On 12 September 2011, about 70 evangelical Christians from the village of San Rafael Tlanalapan, Puebla state, were told to leave immediately or be “crucified or lynched.”
They were expelled by locals who follow a blend of indigenous and traditional Catholic rituals – often only a veneer of Roman Catholicism over native Mayan Indian religion. The traditionalists, who comprise the majority in San Rafael Tlanalapan (about 97 kilometres from Mexico City), reportedly threatened to burn down or otherwise destroy the homes of the evangelicals.
Tensions between evangelicals and traditionalists exist in some areas of southern Mexican states such as Puebla, Hidalgo and especially Chiapas, because evangelicals have been perceived as betraying their communities. Traditionalist festivals are very important in local communities, and they are a major cause of tension because evangelicals often refuse to make financial contributions towards and participate in them, as they include heavy drinking and adoration of saints. Read more in the Mexico country profile.
Animosity towards the evangelicals in San Rafael Tlanalapan has been building for years. The local traditionalists reportedly claim that 20 years ago an assistant village president issued a diktat that no non-Catholic temple would ever be permitted in the village. The evangelicals have never been allowed to build a church, and in 2006 they had to appeal for government help after traditionalists pressurised the village authorities into cutting off their water supply. (The same thing happened recently in San Jose de Axuxco, Puebla state, when officials cut off water supplies to members of a Baptist church after they refused to contribute to a local festival.)
Tensions reached crisis point on 4 September 2011 when local priest Ascension Benitez Gonzalez reportedly instructed his parishioners in a sermon to pressurise the evangelicals to leave for good. On 7 September the village assistant president, Antonio Garcia Ovalle, met with the evangelicals, and it was agreed that they would leave on 12 September. About 200 traditionalists attended the meeting and threatened to attack them and their property and expel them immediately.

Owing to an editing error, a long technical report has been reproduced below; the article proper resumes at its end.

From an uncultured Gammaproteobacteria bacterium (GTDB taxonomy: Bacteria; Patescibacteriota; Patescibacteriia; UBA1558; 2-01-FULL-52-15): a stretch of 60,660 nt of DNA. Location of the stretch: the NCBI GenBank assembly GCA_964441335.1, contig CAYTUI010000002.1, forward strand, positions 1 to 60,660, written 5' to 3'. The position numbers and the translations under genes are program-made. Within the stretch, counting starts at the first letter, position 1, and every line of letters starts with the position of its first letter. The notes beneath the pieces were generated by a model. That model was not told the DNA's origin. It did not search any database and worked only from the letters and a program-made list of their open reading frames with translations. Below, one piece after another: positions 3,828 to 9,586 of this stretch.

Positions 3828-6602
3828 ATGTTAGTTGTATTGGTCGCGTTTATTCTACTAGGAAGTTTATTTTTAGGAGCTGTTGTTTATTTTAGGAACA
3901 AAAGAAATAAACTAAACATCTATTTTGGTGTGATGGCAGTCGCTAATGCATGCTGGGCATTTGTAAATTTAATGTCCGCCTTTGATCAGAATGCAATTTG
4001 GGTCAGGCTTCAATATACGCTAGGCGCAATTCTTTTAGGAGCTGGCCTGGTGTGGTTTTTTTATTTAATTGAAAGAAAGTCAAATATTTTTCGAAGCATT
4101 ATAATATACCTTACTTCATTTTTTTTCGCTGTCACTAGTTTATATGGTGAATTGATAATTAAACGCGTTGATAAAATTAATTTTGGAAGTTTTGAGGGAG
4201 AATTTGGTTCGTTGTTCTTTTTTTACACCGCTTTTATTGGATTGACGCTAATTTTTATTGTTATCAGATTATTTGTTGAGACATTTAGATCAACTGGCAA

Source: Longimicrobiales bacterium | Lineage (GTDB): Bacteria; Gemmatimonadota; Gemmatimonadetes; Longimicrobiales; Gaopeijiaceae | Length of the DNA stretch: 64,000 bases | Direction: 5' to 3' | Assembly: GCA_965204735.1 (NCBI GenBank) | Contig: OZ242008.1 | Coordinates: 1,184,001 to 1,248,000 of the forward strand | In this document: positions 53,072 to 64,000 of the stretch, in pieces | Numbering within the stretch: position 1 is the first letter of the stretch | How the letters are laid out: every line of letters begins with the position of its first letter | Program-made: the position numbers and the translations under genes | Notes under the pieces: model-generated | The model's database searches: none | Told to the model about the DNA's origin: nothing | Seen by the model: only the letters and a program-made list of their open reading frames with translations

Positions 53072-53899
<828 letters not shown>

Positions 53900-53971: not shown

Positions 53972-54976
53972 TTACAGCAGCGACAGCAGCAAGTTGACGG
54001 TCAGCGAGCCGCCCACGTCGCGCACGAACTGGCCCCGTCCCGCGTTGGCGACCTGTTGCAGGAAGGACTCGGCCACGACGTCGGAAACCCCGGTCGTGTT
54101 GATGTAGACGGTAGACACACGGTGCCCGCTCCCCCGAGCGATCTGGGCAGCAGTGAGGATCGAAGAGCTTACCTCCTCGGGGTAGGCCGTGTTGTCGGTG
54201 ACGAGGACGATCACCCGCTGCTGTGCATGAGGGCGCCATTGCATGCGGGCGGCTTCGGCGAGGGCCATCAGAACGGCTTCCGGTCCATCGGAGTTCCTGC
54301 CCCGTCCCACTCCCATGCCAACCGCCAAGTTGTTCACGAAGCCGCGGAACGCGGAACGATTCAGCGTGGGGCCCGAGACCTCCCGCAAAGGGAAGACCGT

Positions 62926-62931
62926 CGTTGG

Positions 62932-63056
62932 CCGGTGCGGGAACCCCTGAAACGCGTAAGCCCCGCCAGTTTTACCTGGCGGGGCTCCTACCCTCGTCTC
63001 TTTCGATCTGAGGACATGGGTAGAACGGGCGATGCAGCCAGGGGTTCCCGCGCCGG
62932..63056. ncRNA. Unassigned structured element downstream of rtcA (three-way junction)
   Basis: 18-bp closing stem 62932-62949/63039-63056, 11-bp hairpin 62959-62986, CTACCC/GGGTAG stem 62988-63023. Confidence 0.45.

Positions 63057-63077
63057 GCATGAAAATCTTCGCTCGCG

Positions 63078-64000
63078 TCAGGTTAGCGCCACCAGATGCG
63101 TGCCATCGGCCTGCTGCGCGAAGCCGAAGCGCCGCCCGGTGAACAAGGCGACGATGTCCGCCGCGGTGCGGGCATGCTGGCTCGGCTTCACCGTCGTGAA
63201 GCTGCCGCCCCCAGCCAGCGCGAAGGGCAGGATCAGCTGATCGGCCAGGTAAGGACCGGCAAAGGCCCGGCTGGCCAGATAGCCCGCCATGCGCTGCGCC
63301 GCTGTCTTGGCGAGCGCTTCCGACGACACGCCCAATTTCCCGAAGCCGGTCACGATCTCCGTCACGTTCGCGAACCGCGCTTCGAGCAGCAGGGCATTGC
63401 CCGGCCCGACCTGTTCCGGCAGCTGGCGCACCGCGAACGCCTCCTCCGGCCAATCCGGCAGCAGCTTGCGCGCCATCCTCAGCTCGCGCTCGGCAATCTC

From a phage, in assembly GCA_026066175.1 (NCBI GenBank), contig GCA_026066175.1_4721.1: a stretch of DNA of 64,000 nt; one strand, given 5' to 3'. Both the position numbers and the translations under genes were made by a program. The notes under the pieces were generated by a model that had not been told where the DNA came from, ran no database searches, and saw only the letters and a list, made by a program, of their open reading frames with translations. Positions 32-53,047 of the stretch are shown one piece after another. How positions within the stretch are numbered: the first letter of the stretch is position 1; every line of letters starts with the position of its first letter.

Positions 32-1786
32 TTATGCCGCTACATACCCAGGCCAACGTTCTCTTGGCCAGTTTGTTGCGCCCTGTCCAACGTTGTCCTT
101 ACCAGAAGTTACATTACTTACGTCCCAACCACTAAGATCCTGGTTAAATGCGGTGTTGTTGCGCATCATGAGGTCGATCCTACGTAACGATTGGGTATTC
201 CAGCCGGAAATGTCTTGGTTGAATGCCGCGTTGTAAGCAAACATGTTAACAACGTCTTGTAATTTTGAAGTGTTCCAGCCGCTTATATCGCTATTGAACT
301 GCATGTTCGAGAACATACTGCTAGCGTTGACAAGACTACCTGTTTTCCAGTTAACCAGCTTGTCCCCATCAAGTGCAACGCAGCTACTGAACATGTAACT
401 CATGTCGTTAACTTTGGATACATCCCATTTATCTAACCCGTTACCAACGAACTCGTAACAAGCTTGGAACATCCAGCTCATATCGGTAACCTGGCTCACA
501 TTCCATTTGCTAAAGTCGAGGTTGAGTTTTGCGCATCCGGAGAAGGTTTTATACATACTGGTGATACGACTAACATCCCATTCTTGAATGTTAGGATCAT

Most of the evangelicals have sought refuge in nearby towns, including the municipal centre of San Martin Texmelucan (where there are evangelical churches) while some reportedly have sought sanctuary in a church building in Alto Aposento.
In a local TV newscast on 14 September, traditionalist Irma Diaz Perez said, “They will never return, because we have drawn up a document wherein they have no permission to come back now or ever.” Another traditionalist, Hortencia Minero Garcia, said critics should not blame the priest for the expulsion: “We are strong Catholics and respect our religion and don’t want anyone to touch our priest, because he has nothing to do with this – it is the people.”
In Puebla city, Archbishop Victor Sanchez Espinosa said, “It is necessary to respect the traditions of the towns. The Catholics feel attacked, but we would hope there would be no violence. I invite the community, totally Catholic, and the small Christian community, to prudence, order and respect.”
The Mexican constitution grants indigenous communities some autonomy to exercise traditional law, the intention being to protect indigenous customs from government obliteration. Protestant lawyers say the article is misused to allow local authorities to violate the religious freedom of minorities, with traditionalist Catholics evoking it to jail or expel those who differ from them. (Christian Solidarity Worldwide, Compass Direct News, Release International)